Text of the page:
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@dark-swordsman you can enable nativeTabs on mac

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felixfbecker commented Oct 27, 2017

@dark-swordsman you can enable nativeTabs on mac

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dark-swordsman Oct 30, 2017

@felixfbecker is this possible on Windows?

Edit: I searched through the settings file completely and there is no option for that. That's why I'm asking.

Edit2: Also, there isn't a clear resource on how to enable vs insiders

dark-swordsman commented Oct 30, 2017

@felixfbecker is this possible on Windows?

Edit: I searched through the settings file completely and there is no option for that. That's why I'm asking.

Edit2: Also, there isn't a clear resource on how to enable vs insiders

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Hello,
@dark-swordsman you do not enable VS Insiders. It is a build of VSCode that has some extra features that have not finalized to stable and in a way gives you an extra editor namespace to work with (You can install them side by side without conflicts of settings or extensions). Thank you. Good day.

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pr-yemibedu commented Oct 30, 2017

Hello,
@dark-swordsman you do not enable VS Insiders. It is a build of VSCode that has some extra features that have not finalized to stable and in a way gives you an extra editor namespace to work with (You can install them side by side without conflicts of settings or extensions). Thank you. Good day.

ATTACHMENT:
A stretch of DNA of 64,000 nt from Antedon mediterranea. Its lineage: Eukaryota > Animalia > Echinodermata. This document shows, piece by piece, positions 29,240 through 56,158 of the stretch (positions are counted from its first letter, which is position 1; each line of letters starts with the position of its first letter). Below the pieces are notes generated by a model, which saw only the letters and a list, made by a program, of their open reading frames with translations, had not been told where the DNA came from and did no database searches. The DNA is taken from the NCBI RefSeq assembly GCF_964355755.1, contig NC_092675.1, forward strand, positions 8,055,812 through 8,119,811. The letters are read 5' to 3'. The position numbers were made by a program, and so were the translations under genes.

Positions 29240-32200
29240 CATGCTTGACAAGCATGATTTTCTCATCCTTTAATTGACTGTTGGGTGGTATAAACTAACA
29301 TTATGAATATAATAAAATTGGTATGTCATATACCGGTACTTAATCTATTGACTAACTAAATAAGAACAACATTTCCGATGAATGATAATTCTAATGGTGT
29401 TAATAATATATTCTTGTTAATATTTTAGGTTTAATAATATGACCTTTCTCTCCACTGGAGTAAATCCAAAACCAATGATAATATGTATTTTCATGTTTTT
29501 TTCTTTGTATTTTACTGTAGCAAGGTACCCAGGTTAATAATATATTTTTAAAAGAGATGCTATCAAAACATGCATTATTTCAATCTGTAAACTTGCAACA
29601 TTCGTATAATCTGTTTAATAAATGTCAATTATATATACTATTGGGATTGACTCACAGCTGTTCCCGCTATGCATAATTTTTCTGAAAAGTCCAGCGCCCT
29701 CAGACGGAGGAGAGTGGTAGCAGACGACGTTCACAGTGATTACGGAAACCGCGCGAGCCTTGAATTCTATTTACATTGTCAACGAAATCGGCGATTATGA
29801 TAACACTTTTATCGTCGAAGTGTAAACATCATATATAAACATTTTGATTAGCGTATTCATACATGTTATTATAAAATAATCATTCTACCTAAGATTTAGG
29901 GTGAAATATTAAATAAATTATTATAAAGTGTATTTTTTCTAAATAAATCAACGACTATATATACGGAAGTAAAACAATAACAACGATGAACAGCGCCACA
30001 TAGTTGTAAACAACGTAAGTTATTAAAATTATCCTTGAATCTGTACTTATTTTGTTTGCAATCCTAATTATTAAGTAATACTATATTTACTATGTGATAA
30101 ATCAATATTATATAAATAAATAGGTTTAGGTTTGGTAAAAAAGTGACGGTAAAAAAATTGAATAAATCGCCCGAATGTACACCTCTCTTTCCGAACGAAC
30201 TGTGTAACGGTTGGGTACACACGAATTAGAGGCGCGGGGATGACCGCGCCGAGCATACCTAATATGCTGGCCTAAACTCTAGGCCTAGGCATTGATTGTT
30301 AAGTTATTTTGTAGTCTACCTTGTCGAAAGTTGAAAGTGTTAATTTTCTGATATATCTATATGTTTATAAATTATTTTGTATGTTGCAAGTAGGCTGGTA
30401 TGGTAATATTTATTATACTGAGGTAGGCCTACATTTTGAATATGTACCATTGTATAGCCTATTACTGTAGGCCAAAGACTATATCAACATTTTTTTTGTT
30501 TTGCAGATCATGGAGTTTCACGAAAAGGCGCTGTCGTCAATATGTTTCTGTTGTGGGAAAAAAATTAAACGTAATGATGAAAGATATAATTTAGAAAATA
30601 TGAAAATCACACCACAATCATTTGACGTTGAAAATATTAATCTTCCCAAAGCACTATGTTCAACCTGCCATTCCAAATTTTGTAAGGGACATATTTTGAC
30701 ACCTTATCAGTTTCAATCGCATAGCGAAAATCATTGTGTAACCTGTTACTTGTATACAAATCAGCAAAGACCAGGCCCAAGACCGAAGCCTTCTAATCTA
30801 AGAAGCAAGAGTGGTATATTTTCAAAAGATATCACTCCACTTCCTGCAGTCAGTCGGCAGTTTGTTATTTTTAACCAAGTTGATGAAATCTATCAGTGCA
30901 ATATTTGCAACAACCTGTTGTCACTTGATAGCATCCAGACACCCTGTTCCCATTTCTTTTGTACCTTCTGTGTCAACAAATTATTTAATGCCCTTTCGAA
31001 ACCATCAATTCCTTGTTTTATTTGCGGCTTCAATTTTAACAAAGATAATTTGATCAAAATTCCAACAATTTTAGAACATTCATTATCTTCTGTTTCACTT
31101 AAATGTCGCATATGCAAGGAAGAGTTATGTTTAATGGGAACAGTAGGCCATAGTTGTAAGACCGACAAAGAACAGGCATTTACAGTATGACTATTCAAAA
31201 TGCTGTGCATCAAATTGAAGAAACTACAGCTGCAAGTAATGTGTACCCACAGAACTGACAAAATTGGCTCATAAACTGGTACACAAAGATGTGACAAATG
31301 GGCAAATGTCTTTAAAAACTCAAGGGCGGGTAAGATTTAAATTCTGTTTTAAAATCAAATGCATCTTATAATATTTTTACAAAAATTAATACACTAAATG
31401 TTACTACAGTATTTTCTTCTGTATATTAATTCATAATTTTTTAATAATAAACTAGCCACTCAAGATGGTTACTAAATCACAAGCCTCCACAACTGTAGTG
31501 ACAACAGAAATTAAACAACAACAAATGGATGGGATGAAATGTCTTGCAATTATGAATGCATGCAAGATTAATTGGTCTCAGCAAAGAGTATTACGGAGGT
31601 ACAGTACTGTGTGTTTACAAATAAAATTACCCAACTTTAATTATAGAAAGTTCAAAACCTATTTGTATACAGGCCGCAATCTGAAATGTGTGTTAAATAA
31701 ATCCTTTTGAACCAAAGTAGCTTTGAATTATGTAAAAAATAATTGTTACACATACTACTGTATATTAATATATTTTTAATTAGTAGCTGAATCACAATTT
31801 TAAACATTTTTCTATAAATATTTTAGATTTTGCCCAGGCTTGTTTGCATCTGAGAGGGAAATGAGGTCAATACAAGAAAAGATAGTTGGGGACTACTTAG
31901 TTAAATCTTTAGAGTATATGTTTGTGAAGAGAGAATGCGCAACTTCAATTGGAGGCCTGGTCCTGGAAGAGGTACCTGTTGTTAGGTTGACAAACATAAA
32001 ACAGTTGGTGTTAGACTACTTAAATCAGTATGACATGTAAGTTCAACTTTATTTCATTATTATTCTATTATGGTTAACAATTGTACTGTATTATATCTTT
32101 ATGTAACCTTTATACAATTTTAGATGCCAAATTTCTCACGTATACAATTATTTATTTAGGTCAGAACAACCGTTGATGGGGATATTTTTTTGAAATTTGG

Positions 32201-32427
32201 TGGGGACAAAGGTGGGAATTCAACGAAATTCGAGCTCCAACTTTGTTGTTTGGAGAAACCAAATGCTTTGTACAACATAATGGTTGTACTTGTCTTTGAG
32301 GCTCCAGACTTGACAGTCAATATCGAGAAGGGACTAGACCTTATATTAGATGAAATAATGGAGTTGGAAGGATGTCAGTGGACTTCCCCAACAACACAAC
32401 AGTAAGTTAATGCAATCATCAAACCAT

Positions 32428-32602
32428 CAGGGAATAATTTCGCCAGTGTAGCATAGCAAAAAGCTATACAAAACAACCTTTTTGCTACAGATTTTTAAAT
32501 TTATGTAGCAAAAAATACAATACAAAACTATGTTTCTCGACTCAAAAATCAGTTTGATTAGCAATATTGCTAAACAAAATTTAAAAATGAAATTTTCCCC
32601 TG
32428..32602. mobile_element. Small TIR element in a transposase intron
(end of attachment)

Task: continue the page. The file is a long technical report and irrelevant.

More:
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Support for multi-root workspaces is now enabled by default in the stable release.

panel-red2

Please refer to our documentation for a full explanation of all the features that come with it. Extension authors should refer to our wiki that explains the new extension APIs to make your extension ready for multi-root workspaces. We are happy that quite some extensions have already started to adopt the new multi-root API, thanks for that!

Please do not hesitate to file issues for multi-root as you encounter them, we are still planning on making tweaks and providing additional APIs for extensions to work with multi-root workspaces in the future.

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bpasero commented Nov 2, 2017

Support for multi-root workspaces is now enabled by default in the stable release.

panel-red2

Please refer to our documentation for a full explanation of all the features that come with it. Extension authors should refer to our wiki that explains the new extension APIs to make your extension ready for multi-root workspaces. We are happy that quite some extensions have already started to adopt the new multi-root API, thanks for that!

Please do not hesitate to file issues for multi-root as you encounter them, we are still planning on making tweaks and providing additional APIs for extensions to work with multi-root workspaces in the future.

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dark-swordsman Nov 2, 2017

This is great, but when will it be available? You say it's in the stable build, but I have the latest Stable build (1.17.2) and can't update to it. Also, in the documentation that you just referenced, it said it's still in the Insider's build and will be in the stable release soon.